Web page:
Purdue Graduate School launches Mentoring Improvement Initiative
This fall, the Graduate School is bringing theoretically grounded, evidence-based, and culturally responsive mentorship training opportunities to Purdue faculty, postdocs, and graduate students. This is part of the school’s ongoing Mentorship Improvement Initiative, which launched earlier this year.
“The advisor-advisee relationship is one of the most important factors in regard to success in graduate education,” shared Dr. Melanie Morgan, Associate Dean at Purdue’s Graduate School, “This relationship can impact not only a student’s time in graduate school but early success in their career.”
This 3-year initiative kicked off with the initiation of the Mentoring Fellows Program, which brings together graduate students and faculty to assess the strengths and opportunities for improvement in mentoring relationships within each college. Fellows serve in one-year cycles and receive a small stipend to support their work. This year’s fellows are working to describe the mentoring culture within their college to shape future programming.
“Fellows have conducted surveys and hosted focus groups to better understand the mentoring environment within their respective colleges. In response to what they’ve learned, some fellows have offered specialized mentoring training and created Individual Development Plans for their colleges. Many have also conducted wide-scale reviews of college-level policies pertaining to mentoring,” shared Dr. Morgan, “From this work, our fellows have identified two initial areas of focus for future mentorship programming. First, faculty feel like they don’t receive enough mentoring support. Second, graduate students want both task and psychosocial support from their mentors.”
In addition to the Mentoring Fellowship Program, the Graduate School is hosting mentorship training opportunities led by mentoring professionals, Dr. Melissa McDaniels, Associate Executive Director of the Center for the Improvement of Mentored Experiences in Research, University of Wisconsin-Madison, and Dr. Erin Dolan, professor of biochemistry & molecular biology and Georgia Athletic Association Professor of Innovative Science Education at the University of Georgia.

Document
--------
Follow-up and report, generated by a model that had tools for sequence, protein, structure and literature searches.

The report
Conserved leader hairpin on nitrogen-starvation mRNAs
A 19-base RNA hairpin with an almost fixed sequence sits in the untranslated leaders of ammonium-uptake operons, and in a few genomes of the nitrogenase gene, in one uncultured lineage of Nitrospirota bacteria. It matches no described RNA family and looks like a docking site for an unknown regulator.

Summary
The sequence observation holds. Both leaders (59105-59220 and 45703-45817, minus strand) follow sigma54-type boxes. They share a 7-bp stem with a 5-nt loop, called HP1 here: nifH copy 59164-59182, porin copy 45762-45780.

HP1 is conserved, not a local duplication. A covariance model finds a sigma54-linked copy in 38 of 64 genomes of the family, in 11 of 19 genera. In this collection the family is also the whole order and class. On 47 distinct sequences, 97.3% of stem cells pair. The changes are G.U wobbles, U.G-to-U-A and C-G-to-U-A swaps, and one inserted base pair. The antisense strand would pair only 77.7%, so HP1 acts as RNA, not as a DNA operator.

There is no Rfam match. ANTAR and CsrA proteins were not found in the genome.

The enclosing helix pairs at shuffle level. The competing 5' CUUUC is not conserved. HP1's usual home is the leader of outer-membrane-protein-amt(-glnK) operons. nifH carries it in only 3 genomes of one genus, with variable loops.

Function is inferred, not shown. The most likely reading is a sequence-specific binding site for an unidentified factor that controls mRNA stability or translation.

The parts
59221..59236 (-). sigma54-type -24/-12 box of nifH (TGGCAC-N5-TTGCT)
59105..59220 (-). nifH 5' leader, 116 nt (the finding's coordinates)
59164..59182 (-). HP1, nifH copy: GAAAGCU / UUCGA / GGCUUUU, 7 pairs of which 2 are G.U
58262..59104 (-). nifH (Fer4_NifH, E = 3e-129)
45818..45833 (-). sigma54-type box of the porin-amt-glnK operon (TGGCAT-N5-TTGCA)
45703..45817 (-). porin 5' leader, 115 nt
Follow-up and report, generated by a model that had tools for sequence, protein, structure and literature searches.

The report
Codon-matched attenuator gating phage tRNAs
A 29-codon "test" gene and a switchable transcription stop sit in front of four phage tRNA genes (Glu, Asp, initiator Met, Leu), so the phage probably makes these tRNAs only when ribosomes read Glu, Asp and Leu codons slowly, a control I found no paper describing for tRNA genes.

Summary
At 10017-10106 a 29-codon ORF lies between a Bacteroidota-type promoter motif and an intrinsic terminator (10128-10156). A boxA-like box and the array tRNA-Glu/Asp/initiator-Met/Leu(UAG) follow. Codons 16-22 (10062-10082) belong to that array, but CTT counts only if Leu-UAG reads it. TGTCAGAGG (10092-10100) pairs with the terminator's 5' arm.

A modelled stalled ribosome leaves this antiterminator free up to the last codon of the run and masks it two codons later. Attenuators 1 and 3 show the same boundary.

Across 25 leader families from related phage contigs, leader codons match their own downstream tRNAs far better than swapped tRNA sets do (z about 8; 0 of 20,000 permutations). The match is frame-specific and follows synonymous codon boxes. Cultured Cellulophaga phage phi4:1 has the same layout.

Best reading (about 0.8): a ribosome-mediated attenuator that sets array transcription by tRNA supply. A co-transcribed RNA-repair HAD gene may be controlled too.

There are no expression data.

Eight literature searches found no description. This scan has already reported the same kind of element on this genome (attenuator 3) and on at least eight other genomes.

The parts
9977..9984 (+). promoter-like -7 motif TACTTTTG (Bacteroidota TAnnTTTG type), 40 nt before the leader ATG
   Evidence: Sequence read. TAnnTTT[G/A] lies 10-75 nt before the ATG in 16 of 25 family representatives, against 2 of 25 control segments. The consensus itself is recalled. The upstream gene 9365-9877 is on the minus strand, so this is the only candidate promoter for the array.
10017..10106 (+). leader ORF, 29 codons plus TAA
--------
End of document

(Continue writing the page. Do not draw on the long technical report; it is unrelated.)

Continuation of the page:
Dr. McDaniels hosted a keynote presentation and two subsequent workshops in early September. Her keynote, which was open to faculty, postdocs, and graduate students, discussed Using the Science of Effective Mentorship to Optimize Faculty-Graduate Student Mentoring Relationships. She also hosted a workshop on Culturally Responsive Mentorship for faculty and postdocs, and a workshop on Activating Your Mentoring Network for graduate students.
Dr. Melissa McDaniels at her keynote presentation on Using the Science of Effective Mentorship to Optimize Faculty-Graduate Student Mentoring Relationships
Dr. Erin Dolan, who studies the career development and decision-making of undergraduate and graduate life science students in the context of research experiences and research training, will offer a workshop on problematic mentoring practices in October 2022. In addition to these workshops, the Purdue Writing Lab will host a workshop on Mentoring Graduate Writers and Mentoring and the Dissertation Process, and Graduate School leadership will host Mentoring Dialog sessions to facilitate mentoring discussions in the graduate community.
“Overall, it is our goal to provide the Purdue community with the tools necessary to effectively engage, train, and mentor graduate students to help our students excel both during their time at Purdue and after graduation,” says, Dr. Melanie Morgan. “We believe these training opportunities provide a good bedrock for positive change and look forward to growing this program in the future.”
Source: Dr. Melanie Morgan
Writer: Brittany Ledman
September 14, 2022